h.264 works in so-called macroblocks of 16x16 pixels size. The encoder will need to match this somehow. Both 720p and 1080p work fine, but …
- 854 divided by 16 is 53.375.
- 848 divided by 16 is 53.
In fact, 480p, given the 16:9 aspect ratio would imply 853.333 as width (480*1.777), which isn't even possible to display.
This is why it chooses the next lower number which can be divided by 16. Otherwise you'd end up with a video that's probably looking bad, as explained here.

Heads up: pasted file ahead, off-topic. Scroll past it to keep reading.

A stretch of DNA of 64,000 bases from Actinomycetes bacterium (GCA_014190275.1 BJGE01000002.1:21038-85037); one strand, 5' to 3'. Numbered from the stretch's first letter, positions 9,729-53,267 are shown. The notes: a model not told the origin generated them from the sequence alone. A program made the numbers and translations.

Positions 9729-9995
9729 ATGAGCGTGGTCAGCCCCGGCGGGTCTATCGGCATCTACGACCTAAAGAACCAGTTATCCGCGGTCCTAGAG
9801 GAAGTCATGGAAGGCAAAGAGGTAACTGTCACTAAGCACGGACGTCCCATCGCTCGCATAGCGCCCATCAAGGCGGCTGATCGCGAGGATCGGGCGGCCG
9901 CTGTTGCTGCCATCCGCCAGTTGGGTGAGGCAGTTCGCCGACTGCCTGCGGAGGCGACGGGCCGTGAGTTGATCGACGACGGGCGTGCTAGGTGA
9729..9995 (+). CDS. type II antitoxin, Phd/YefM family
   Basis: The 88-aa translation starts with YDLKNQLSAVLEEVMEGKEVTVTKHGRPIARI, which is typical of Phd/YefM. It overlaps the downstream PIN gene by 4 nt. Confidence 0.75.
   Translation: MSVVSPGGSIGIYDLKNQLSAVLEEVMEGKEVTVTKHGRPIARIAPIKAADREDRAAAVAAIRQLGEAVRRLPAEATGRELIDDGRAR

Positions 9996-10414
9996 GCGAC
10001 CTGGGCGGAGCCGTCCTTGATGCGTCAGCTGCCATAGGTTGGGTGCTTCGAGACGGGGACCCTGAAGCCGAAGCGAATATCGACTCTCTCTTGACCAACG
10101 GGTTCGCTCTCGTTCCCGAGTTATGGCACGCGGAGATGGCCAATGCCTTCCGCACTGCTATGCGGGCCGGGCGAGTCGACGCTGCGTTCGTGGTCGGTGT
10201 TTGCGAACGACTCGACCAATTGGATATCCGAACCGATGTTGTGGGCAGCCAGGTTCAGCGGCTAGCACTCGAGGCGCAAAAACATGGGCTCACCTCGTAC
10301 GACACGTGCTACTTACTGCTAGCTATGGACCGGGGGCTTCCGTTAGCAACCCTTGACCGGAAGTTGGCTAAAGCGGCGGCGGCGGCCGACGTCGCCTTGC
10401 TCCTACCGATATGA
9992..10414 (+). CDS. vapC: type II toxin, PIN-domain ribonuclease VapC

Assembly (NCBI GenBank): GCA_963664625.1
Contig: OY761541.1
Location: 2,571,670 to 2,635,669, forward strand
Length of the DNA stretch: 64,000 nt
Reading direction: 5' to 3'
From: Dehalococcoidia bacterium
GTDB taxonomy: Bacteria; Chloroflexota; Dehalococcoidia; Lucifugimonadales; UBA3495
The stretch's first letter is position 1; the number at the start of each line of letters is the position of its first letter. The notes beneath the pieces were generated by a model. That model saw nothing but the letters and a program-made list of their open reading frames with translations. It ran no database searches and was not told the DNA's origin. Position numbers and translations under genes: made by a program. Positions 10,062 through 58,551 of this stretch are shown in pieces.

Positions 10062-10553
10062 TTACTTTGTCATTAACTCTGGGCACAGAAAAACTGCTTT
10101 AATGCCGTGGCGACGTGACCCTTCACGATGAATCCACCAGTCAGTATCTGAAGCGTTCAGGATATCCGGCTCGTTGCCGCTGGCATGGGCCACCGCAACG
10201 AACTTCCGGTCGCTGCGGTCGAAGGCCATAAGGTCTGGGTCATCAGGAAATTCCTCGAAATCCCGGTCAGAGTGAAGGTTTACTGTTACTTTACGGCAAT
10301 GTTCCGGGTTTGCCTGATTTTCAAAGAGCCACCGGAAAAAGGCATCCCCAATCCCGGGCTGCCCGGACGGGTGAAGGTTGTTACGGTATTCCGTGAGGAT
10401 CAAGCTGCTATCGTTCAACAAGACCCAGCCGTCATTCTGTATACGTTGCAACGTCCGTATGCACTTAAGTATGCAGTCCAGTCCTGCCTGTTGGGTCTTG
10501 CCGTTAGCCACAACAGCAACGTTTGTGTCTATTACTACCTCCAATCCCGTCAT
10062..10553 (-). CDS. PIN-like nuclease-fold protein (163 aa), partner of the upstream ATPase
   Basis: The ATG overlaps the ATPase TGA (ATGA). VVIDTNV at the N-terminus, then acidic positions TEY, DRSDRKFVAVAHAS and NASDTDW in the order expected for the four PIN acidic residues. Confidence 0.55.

These 16x16 blocks are called macroblocks. When you encode video, you have to use height and width values that are multiples of 16. When the height or width doesn't divide cleanly into 16 (that is to say, when there is a remainder), the video encoder has to make up extra "garbage" information for the edges of the frame. This increases the file size or decreases the video quality, depending on whether you're targeting a constant quality or a size/bitrate.
As for your video encoder, I don't know if there are any options to force it, but looking under "Advanced" should give you hints. I can't try it as I'm not on Windows.